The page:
The American Heart Association (AHA) recommends no more than 25 grams of added sugars per day for women and no more than 36 grams per day for men.

By understanding the information on food labels — like calories and added sugars — you can make better health decisions for you and your family.

Stephanie McInerney, a registered dietitian at Keck Medicine

Tip 5: Look at the vitamin D and potassium numbers.

Vitamin D and potassium were added to nutrition labels in 2016. These new additions are nutrients that Americans don’t get enough of, according to the FDA.

“Vitamin D and calcium are important to support bone health, while iron is key for your blood cells to carry oxygen. And potassium helps with nerve and muscle function, as well as a steady heartbeat.”

The National Institutes of Health recommend 15 micrograms of vitamin D a day for adults, and 3,400 milligrams of potassium a day for men and 2,600 milligrams for women.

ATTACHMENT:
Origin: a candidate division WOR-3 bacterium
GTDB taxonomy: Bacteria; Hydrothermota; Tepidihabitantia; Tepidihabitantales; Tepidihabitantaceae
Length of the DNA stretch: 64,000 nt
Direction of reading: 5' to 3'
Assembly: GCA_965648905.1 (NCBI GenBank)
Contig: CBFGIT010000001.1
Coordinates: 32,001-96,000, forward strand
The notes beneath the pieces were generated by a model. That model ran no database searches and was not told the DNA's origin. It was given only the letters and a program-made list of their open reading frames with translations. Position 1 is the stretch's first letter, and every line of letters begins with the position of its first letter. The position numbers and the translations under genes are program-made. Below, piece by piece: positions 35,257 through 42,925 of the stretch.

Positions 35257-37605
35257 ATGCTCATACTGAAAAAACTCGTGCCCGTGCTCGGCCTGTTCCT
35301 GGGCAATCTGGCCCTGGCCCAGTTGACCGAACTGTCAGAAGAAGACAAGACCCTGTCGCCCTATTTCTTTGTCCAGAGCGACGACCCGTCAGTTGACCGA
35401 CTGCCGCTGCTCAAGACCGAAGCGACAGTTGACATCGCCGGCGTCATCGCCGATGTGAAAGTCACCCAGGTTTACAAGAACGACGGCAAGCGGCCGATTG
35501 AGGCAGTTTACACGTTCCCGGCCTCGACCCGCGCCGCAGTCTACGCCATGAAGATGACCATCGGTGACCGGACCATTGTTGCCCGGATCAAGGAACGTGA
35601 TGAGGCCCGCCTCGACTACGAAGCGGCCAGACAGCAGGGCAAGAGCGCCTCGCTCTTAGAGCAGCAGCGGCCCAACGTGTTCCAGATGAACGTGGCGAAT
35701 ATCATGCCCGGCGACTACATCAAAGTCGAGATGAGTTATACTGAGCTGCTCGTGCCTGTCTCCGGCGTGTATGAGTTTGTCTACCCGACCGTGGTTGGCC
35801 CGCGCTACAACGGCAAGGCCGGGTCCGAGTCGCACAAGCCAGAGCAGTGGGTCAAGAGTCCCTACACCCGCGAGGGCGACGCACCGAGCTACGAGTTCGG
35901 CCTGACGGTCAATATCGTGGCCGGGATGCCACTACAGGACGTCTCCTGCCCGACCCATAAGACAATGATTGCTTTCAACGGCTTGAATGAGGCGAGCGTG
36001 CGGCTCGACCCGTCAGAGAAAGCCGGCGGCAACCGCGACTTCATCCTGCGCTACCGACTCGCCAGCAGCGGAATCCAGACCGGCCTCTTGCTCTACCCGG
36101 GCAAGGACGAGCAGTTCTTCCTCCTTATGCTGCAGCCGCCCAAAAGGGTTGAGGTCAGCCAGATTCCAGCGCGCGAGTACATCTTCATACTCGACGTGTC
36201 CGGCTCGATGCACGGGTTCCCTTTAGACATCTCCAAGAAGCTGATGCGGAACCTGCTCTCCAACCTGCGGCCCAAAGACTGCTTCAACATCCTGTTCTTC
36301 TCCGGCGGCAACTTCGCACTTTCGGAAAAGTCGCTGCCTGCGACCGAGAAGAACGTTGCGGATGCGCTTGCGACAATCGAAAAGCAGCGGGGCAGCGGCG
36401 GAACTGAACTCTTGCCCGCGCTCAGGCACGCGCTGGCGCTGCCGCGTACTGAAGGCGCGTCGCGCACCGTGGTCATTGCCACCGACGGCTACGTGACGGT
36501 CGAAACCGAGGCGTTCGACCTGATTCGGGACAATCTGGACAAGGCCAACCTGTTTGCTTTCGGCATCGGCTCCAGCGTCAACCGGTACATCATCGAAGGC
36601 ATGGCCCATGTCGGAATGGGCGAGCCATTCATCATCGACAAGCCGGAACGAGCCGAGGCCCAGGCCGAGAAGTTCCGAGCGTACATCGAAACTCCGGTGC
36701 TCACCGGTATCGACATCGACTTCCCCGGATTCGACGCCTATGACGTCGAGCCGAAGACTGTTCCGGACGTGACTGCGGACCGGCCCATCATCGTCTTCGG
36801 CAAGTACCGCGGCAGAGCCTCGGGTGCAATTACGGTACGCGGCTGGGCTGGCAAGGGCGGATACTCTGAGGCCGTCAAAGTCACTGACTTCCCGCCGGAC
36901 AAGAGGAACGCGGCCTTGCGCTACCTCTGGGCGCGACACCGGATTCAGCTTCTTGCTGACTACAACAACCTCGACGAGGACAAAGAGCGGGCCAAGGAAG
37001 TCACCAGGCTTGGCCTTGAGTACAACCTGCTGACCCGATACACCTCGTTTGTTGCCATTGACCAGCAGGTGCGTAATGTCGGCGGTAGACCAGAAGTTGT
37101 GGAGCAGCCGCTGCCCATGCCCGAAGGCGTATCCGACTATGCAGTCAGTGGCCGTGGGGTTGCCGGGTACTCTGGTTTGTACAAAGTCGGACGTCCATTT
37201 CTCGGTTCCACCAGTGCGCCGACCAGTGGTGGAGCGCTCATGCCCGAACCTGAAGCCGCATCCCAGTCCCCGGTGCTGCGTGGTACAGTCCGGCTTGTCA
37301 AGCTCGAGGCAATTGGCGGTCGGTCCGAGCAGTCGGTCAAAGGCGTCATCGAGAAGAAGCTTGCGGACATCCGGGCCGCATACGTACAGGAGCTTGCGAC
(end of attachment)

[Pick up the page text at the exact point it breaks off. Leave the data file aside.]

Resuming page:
Nutritional needs are not one-size-fits-all.

Learning how to read nutrition labels can be a useful tool in maintaining and improving your overall well-being. But McInerney also highlights the importance of understanding your own unique health needs.

“Everyone’s nutritional needs are different, and they can depend on many factors, including activity level, genetics, age and overall food intake, just to name a few,” she says.

“If you have questions about healthy eating habits, a registered dietitian can help you find the care that’s right for you,” McInerney says.

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Topics

healthy diet
nutrition facts label
Stephanie McInerney RD
weight management
Fanny Chavarria
Fanny Chavarria is a writer and editor for Keck Medicine of USC.